Details of 4,000 patients also on the device
Information of employees and patients of Health PEI have been compromised after an employee's laptop containing their data was stolen in early April.
Personal information belonging to more than 1,200 Health PEI long-term care staff were said to be on the laptop, including their names, positions, hours worked, as well as rate of pay. No banking or financial information were said to be on the stolen equipment, according to authorities.
Information of more than 4,000 patients were also said to be on the laptop, including their visits to PEI emergency departments between the dates of September 1, 2021, and October 13, 2021, including reason for visit, diagnosis, and the name of the physician.
Their names, dates of birth, health card numbers, gender, and postal code were also included in the information that can be accessed from the laptop, according to authorities.
In addition, information of individuals who were in the hospital awaiting long-term care were also compromised. Data included demographic information, including the patients' name, health card number and information about their admission to the hospital.
The said laptop theft was reported to the police the following day, according to the provincial government. The laptop was password protected and information technology staff were also able to secure their information as soon as possible, including resetting the gadget's password.
"The likelihood of anyone actually being able to access the information is believed to be low," read the provincial government's announcement.
The information from the laptop is also not considered a risk for identity theft, according to the Health PEI.
Despite this, the provincial health authority sent letters to those whose information may have been breached and expressed their apologies to them.
"Employees have an expectation and right to privacy with regard to their personal information. This breach affected a large number of our long-term care staff who have gone above and beyond at all times and especially during the COVID-19 pandemic. On behalf of Health PEI, I am sorry that this happened," said Dr. Michael Gardam, Health PEI chief executive officer, in a statement.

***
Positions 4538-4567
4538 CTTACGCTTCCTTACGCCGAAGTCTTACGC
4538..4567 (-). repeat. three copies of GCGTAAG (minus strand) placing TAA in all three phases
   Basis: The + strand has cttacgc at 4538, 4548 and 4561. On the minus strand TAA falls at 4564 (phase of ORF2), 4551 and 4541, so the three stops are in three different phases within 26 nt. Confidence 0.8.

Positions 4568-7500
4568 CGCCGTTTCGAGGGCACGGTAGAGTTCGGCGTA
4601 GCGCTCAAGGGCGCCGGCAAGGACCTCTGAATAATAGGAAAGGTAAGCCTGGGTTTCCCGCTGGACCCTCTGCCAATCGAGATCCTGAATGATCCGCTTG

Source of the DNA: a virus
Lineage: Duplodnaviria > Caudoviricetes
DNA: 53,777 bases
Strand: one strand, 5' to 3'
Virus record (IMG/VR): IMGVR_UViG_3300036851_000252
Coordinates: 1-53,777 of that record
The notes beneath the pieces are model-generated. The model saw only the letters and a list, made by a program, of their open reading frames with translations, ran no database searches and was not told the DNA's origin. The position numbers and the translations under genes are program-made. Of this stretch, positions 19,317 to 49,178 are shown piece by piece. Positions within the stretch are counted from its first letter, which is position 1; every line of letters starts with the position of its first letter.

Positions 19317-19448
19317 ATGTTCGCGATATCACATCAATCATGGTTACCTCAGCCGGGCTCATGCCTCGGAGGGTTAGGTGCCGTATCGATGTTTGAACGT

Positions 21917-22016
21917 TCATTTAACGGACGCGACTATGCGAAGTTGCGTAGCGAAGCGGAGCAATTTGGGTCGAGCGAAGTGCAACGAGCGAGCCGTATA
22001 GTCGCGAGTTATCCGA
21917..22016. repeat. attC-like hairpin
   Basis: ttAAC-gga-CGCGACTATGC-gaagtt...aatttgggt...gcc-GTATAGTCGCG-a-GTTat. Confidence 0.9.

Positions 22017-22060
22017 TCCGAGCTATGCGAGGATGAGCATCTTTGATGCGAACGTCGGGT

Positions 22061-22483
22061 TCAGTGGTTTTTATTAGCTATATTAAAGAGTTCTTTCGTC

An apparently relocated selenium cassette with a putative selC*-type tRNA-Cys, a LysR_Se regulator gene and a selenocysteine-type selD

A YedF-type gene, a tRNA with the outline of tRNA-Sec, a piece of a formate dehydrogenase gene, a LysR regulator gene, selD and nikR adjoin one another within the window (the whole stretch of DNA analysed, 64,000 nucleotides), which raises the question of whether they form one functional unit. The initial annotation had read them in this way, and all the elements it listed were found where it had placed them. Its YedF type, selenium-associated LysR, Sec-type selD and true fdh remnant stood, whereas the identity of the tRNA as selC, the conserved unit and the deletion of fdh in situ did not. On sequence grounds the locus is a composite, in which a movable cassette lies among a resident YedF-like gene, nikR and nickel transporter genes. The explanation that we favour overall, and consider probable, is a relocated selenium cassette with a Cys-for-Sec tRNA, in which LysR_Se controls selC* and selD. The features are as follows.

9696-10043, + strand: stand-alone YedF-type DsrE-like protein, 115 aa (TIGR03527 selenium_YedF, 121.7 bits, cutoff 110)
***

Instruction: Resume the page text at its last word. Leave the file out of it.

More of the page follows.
He also offered his apologies to the patients affected, adding that additional steps will be taken to ensure the information security of their patients in the future.
"Patient information is incredibly sensitive and Health PEI takes the protection of personal health information seriously," said Gardam.
"Health PEI is conducting a full review of this situation to ensure any gaps in our protocols are discovered so we can make any changes to improve the security of patient information moving forward."
Read more: What does Morrisons data breach mean for employers?
Security breaches are a huge concern for both employees and employers alike, no matter what its cause may be. However, these instances may be avoided through technological and administrative measures
Data law expert Bradley Freedman, a partner at Borden Ladner Gervais, previously said that all levels of an organisation, including HR, have a role to play in mitigating security breaches.
Mitigation measures start with checks on employees, as well as other individuals who will be accessing an organisation's systems, such as contractors, suppliers, and temp workers.
"You shouldn't have one big network where everyone can access everything. It should be all be segregated and locked down, with technological measures that do that," advised Freedman.
And should a security breach take place, Freedman said organisations should have systems to minimise its impact.
"Organisations ought to have an incident response plan and a designated team – a trained and tested team and plan – so that they’re ready to respond immediately," he said.